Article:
City council discusses use of workers’ comp rebate

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Marysville City Council members discussed legislation at their meeting Monday that would have the city use part of a state refund to buy a desk treadmill, backup cameras for vehicles and other safety equipment.
The city received about $174,000 this year from the State of Ohio as part of its “A Billion Back” program. The program has the Ohio Bureau of Workers’ Compensation distributing money to employers to spend on safety and health.
The desk treadmill would be for 911 dispatchers to use during long shifts to encourage leg circulation.
The backup cameras are especially needed, according to Finance Director Justin Nahvi.
“We do have some fender-benders here, especially with the large dump trucks,” Nahvi said.
Other items include standing desks, street barricades for events and dollies to move around equipment.
The requests total about $17,500.
Councilperson Tracy Richardson asked where the city sent the rest of the refund. Nahvi said much of the money was allocated to general fund, various utility funds and the street maintenance fund.
In an email, he further wrote that money was also allocated to the pool fund, events and recreation fund, street tree fund and security of persons and property fund.
Councilperson Nevin Taylor asked whether council could waive the third reading, though Nahvi said there’s no hurry, and that the city hadn’t put in purchase requests yet.
The legislation will return for its final reading and passage at the Oct. 22 council meeting.
Marysville Fire Chief Jay Riley also gave a presentation about his and his mens’ time in North Carolina.
Riley said he received a request this week to go assist with hurricane Michael in the Gulf of Mexico.
“We are not doing that at this point, but there are going to be requests in the future,” Riley said.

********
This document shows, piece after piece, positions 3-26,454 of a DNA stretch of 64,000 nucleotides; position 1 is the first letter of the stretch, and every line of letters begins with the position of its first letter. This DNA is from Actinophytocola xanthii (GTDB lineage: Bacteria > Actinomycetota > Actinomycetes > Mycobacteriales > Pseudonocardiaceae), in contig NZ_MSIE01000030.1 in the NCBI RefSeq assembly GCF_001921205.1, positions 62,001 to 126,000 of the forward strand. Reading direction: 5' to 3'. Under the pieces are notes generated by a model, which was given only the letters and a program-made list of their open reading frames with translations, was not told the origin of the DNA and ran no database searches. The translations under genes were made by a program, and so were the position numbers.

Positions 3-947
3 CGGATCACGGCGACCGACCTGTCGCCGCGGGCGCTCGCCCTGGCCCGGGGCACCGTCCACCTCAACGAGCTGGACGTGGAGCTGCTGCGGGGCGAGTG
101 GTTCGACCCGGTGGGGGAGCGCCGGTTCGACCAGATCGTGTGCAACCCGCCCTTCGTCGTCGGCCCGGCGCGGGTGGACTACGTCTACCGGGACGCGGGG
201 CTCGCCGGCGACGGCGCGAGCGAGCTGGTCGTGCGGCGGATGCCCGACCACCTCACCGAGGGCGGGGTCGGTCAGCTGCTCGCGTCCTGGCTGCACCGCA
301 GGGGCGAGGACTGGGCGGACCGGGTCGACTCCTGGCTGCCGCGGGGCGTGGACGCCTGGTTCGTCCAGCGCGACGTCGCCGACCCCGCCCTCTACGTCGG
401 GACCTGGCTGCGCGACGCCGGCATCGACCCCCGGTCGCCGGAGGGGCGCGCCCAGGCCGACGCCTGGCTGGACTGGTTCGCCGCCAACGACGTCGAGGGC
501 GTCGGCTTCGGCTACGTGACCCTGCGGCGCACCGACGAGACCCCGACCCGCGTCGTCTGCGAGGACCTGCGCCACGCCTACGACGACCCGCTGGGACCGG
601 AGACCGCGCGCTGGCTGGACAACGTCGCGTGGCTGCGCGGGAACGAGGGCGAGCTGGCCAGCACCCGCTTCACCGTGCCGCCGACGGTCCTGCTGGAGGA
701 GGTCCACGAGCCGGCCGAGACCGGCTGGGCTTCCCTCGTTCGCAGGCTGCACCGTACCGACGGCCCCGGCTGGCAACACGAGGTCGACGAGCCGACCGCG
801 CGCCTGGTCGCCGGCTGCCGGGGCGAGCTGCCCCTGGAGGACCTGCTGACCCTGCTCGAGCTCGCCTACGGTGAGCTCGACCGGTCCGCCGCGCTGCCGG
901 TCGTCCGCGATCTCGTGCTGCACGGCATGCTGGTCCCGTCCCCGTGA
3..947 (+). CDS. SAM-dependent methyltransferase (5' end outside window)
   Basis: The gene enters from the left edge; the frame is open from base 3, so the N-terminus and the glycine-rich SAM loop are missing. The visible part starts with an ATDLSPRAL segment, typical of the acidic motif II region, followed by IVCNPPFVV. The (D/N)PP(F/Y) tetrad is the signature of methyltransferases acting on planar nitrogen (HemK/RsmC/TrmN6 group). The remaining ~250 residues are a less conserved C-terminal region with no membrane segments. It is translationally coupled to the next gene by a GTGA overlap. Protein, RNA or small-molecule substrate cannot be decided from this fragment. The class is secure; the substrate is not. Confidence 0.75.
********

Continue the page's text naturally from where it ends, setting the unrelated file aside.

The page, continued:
Riley also said assisting with other disasters opens up the city for grant opportunities with the Department of Homeland Security. That includes up to $65,000 of equipment with no matching of funds needed.
“That equipment all comes back to our community so that we can use it every day,” Riley said. “That is federal monies that’s given away.”
Later in the meeting, officials discussed netting some money from design review applications that go through the city.
Residents will have to give the city some money if they want to make certain modifications to their property.
Residents will now have to pay $50 to submit alterations to existing sites. Zoning Administrator Ron Todd said this covers administrative costs involved in the application being reviewed by officials then finally approved by the chair of the design review board.
A $25 fee will also be implemented for applicants requesting a street address. This would be if a property owner is turning a house into two residences and requesting a second address.
“With the new growth in the city utilities, both residential and commercial, we’re starting to see a higher volume of these permits being turned in,” Todd said.
Nahvi said the money gained from these fees would go into the city’s general fund.
In other council news:
-Taylor asked officials whether the Cook’s Point roadway project will open up when the asphalt is laid. Andrako said the city would likely wait until the striping on the road is done.
“We probably don’t want to open it up until all the construction’s complete,” Andrako said. “But I would say at some point this year, it’ll be opened up.”



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